What I am getting at is that each person and their journey is unique. I don’t “feel” Jackson with me because it simply makes me feel better. If it was just that, Claire would be “with me” every minute! I feel him at times because he is here at times. I don’t feel Claire because she is not here, but doing an important work elsewhere. She is no less alive or important to our family. All you bereaved mothers who wait and wonder where is your sweet child now, and ache because there just don’t seem to be signs, take heart. I believe your babies are alive, safe, and would communicate if they could. Hopefully they will when they – or you – are ready. What they are doing now that keeps them away is vital. One day I believe all mysteries will come to light. Until then we wonder, question, even shout sometimes while we painfully press on with our own purposes here on earth.

Saturday, September 5, 2009

Those Early Days of Isolation

Of course the feelings below aren't all reflections of true statements. But they do reflect, I believe, the true range of emotions parents go through after losing babies. There is much scattered, apparantly random thoughts. But we are complex, aren't we? All these thoughts and feelings exist at simultaneously inside us. I hope others in pain may feel less alone when they catch a bit of themselves in where I was less than a month after our second baby was buried.

August 4, 2009
I hate August, by the way. Never a month I wanted to have babies in. At least there’s that...

Tonight I paid bills. Under the “play” section I entered in: Hawaii. The entry before it said: Fetal Doppler, 90.00. It jumped out at me. Life can change so fast. The course you are on can be jolted from under your feet and suddenly you can be reeling to catch up with the new place you’re journeying to.

A voice in my head says, Get over it, Kelly. Everyone else has. I spoke with ***for a minute tonight and she told me how she’s trying to fix her Xbox because Lost comes thru it and she can’t live without watching Lost. I hung up quickly. She’s over it. Everyone’s over it.

But I am consumed with my pain. Maybe I am selfish in it. I want people to care for us. I want someone to give up some of their time or resources for us because that shows me the Claire has altered their life. But often what we get are cards in the mail with brief cliches that slide off my skin.

I am startled by how I can’t talk to my friends. ****’s visit showed me that. I sat silent and counted the minutes til it was over. I called ****tonight and - wow! – I had to force out every line. I am perfectly functional to my kids and Blue, but to everyone else, bam: I am like a freak .I called **** tonight out of moral determination. Being so left alone teaches me how important it is for family to be there.  In times like this you need your family to carry you through. It hurt so much that family went vacationing the week after Claire died. Not having them there makes it all the harder, drives the pain deeper.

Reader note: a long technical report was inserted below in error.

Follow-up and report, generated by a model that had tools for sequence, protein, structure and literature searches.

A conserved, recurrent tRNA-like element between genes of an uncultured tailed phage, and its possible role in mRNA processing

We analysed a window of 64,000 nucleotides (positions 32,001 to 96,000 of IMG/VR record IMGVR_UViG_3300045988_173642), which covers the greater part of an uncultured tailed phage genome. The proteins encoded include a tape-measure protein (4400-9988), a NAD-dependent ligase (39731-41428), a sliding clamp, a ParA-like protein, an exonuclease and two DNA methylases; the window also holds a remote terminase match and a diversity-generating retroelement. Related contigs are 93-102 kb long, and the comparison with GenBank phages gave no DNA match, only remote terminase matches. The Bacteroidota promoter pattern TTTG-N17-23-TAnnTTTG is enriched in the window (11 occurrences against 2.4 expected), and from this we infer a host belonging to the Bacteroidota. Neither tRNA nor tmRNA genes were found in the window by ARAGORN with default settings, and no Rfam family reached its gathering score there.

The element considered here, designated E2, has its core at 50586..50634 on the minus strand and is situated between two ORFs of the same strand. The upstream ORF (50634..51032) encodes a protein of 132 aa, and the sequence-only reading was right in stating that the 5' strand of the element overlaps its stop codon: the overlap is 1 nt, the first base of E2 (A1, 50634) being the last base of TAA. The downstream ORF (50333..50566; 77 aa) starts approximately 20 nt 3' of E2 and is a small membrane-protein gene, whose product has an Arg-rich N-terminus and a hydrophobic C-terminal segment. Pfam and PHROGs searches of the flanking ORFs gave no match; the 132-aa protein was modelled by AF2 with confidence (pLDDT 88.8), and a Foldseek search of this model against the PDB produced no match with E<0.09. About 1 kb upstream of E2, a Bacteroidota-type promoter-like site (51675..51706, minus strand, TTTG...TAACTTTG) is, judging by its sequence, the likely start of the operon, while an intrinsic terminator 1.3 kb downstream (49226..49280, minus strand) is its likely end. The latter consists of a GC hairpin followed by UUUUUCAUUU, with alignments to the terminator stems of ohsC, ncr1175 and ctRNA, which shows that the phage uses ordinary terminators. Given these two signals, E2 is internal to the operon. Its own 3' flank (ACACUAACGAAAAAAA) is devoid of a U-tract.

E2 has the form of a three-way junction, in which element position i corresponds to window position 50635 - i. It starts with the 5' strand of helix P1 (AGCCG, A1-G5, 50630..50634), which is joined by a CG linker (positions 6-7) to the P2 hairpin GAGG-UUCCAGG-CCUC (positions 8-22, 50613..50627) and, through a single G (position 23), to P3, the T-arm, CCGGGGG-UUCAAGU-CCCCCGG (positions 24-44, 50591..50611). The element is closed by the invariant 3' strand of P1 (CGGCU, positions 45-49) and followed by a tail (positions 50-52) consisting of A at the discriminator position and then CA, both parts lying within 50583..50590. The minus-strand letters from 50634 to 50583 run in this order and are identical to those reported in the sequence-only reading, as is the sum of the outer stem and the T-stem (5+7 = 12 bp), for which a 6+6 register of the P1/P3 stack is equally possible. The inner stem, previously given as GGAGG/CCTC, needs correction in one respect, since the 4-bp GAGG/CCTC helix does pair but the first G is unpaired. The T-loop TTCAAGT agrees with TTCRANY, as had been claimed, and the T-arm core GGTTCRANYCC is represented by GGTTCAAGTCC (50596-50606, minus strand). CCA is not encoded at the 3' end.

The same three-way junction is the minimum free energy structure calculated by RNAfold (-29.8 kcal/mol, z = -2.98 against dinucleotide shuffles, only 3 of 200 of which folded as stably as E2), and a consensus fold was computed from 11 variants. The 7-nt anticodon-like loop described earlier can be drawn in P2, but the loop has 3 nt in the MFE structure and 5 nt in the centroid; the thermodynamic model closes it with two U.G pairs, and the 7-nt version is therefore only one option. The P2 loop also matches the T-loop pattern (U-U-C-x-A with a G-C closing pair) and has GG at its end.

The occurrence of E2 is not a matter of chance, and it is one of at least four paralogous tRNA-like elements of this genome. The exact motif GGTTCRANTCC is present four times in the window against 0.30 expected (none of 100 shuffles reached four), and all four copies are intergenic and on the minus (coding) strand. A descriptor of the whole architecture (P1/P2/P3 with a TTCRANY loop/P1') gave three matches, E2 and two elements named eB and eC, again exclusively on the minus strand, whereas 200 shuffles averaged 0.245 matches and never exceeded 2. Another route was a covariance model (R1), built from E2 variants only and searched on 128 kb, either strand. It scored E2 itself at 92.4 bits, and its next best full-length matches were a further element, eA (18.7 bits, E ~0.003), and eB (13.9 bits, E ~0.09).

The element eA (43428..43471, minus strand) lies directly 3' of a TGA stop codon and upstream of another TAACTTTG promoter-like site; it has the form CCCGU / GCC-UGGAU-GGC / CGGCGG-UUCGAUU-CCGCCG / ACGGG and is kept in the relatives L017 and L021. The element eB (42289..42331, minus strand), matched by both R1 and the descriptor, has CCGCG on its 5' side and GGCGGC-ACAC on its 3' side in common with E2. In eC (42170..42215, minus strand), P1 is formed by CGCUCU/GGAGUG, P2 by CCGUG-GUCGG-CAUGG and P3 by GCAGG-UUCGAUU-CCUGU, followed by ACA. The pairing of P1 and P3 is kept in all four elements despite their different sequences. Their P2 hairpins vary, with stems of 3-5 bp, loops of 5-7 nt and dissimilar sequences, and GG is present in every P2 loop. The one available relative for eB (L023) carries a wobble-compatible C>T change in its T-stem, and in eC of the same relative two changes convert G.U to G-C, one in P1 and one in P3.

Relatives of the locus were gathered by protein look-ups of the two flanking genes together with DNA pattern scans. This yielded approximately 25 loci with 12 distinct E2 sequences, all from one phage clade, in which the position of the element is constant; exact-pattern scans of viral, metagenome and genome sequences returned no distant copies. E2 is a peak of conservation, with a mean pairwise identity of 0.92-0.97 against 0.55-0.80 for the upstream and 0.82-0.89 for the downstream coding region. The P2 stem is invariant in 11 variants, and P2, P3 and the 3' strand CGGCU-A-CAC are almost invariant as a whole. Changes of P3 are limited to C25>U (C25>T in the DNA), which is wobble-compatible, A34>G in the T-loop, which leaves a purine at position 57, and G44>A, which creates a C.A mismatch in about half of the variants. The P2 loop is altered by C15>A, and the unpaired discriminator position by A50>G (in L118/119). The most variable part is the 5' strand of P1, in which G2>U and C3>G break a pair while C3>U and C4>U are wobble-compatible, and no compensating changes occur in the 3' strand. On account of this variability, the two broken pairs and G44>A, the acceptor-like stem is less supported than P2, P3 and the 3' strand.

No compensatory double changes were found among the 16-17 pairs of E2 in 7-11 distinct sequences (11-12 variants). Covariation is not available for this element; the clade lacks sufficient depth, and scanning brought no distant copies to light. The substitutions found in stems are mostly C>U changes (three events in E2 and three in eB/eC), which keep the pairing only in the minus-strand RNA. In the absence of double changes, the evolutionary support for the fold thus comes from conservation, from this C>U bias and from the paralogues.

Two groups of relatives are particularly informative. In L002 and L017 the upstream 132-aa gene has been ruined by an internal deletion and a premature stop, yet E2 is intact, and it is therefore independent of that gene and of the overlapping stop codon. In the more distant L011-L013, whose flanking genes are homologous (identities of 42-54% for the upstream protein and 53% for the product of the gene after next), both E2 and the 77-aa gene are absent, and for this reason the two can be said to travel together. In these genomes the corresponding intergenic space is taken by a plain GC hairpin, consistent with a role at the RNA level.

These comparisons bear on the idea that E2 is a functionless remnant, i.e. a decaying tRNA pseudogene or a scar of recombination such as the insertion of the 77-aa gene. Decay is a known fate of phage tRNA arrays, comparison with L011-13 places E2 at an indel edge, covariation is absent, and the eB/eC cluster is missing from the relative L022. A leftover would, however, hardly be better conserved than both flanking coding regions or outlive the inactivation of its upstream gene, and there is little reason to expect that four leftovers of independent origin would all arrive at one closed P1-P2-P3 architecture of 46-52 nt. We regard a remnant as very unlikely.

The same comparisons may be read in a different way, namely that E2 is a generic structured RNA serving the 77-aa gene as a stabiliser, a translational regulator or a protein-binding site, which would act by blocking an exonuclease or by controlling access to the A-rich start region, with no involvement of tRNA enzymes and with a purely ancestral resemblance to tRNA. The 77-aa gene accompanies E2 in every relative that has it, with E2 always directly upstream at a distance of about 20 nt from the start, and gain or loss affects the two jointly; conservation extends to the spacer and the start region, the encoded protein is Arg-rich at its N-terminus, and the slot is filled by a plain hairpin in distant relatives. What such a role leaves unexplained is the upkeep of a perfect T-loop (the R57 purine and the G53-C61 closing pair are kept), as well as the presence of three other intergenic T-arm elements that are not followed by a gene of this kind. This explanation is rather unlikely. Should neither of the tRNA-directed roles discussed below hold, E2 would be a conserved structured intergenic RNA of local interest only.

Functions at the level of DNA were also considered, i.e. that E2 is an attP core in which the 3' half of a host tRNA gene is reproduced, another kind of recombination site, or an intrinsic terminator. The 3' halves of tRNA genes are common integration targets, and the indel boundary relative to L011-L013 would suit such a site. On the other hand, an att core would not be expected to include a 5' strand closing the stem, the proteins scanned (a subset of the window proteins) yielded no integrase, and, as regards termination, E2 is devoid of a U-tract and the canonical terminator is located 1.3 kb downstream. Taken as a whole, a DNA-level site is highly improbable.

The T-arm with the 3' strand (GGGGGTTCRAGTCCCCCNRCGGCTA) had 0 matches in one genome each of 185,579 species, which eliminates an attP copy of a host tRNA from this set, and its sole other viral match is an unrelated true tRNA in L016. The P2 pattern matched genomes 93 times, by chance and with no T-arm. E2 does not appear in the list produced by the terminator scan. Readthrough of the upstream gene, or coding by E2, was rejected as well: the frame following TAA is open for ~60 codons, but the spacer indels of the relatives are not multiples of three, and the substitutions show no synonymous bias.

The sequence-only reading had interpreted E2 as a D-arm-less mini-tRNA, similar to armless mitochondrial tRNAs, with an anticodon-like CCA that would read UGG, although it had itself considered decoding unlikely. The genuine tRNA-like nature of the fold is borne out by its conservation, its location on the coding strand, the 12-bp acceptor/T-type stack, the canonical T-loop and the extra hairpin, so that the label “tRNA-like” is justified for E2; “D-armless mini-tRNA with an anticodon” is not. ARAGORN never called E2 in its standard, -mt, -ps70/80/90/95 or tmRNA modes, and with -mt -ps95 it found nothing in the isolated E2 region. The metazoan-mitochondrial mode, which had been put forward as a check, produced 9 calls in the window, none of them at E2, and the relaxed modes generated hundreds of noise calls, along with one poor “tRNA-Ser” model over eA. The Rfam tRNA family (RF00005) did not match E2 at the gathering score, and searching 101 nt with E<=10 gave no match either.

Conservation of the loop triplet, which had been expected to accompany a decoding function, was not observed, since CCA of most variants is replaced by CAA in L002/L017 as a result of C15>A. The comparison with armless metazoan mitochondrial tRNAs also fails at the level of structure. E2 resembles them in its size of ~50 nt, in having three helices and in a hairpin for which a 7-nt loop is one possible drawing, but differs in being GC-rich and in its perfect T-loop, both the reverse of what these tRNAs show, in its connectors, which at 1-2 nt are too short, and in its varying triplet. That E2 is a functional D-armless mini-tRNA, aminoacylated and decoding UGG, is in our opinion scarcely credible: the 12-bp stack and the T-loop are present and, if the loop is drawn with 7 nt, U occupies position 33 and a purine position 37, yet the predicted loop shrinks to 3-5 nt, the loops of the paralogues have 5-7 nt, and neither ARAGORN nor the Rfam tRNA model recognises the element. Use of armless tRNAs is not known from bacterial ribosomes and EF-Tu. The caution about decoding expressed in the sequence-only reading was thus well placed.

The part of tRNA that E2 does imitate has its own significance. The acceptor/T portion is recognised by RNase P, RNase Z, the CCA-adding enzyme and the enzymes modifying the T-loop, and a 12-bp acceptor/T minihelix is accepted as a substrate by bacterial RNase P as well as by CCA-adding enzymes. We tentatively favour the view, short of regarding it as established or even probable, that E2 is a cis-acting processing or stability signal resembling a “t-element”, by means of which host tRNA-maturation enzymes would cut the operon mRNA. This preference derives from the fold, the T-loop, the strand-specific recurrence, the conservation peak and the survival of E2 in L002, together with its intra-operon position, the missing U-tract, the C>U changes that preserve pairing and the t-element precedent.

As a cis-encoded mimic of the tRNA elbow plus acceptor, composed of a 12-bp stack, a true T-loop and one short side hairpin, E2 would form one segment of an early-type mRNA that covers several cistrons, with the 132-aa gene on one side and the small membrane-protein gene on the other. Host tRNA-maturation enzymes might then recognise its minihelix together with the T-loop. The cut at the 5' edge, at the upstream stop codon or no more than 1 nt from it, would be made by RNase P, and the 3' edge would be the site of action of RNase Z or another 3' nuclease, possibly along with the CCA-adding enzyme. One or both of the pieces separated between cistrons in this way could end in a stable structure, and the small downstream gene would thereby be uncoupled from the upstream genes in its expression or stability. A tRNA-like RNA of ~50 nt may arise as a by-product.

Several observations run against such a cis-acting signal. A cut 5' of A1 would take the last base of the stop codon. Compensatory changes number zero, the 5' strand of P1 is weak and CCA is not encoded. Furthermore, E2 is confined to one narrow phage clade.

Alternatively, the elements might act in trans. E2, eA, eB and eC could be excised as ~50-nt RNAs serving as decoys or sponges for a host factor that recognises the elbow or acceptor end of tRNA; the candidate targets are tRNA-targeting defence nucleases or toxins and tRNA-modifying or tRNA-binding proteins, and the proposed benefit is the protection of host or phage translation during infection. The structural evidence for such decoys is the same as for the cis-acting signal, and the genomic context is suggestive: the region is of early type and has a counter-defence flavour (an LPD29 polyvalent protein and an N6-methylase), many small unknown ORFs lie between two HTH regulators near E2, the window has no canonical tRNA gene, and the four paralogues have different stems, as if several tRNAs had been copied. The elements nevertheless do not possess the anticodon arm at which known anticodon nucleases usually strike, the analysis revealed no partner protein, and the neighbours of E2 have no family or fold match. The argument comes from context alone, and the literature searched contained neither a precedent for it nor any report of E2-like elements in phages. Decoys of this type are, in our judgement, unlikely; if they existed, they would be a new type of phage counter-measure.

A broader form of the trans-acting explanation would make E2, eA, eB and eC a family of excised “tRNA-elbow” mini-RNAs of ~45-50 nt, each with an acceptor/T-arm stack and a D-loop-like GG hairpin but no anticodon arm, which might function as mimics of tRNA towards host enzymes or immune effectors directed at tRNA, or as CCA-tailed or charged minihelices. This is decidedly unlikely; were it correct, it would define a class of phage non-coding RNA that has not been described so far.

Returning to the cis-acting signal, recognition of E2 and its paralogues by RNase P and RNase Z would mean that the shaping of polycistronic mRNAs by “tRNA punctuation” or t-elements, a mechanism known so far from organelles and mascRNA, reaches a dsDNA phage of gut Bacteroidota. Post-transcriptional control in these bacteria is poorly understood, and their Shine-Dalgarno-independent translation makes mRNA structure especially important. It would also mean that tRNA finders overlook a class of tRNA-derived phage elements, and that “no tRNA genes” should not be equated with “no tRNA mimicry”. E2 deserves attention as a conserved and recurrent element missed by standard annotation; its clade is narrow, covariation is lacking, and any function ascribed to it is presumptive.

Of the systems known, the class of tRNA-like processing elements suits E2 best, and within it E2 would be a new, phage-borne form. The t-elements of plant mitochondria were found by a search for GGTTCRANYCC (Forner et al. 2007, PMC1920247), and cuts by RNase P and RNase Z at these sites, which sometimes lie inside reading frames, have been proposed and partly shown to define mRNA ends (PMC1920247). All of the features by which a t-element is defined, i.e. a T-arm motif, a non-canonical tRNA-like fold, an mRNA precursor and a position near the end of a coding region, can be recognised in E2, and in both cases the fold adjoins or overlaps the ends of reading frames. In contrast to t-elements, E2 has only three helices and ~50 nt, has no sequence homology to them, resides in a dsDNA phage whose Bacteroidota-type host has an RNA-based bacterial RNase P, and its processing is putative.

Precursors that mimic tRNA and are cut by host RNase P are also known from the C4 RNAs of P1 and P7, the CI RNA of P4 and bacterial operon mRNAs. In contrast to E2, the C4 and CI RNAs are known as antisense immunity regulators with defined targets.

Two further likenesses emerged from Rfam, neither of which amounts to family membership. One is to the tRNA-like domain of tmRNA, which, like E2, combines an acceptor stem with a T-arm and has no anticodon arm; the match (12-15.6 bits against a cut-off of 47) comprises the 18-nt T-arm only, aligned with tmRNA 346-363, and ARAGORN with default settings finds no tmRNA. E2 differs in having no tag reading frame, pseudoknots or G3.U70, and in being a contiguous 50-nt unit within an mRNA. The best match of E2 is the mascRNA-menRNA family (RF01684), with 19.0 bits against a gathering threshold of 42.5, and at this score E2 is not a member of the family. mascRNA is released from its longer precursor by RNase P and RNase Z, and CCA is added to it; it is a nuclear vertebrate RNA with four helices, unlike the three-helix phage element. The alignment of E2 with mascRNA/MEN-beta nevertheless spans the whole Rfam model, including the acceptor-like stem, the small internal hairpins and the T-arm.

Family roles and traditions are more than quaint activities. They are vital to the survival of families. Even if it's just sitting on the couch with the suffering. It matters. It lasts. It builds a stronger family unit.

Monday, our last day in Hawaii, our car battery completely died. We don’t know anyone in the city. A simple jump turned into a nightmare. Our rental company would charge us 50.00 to come jump us – apalling. A man parked next to us while Blue hashed it out (politely) on the phone. He said he didn’t have cables and stalked off quickly. After an hour a nice looking old couple was parked close to us in the garage and had jumper cables! Tada! Light breaking thru. The man said he had them, but he would not give us a jump. He and his wife put on their huge black sunglasses and drove away.

Pray, I thought. This is when you pray for help. Show your kids how to deal with these sticky situations and trust that the Lord will send aide. I told the Lord to Go to Hell. He slammed my prayers and life right into hot concrete. Why would I ask for his help now?

I could not do it. I could not do it. How disappointed the Christian world must be in me. Sometimes I am shocked at my own angry vigor. But as more and more of my life slips away, any control on my side in vain, the anger grows. Nothing is so sacred to me as children. Nothing has ever mattered more to me in all my life, in the deepest parts of me that dream and vision, than a little functioning family. So sacred, so shattered.

I really feel like people who have lost their deepest dream can identify with what I feel, what I carry inside me each day. Not everyone has lost what they valued most. This is a quite isolating place to be. People build relationships on commonality. When that is gone, everything is a little harder. It’s a little more forced. I am back into the moral obligations of society that I referred to. I can not love some people spontaneiously by the ties that bind, so I make ties.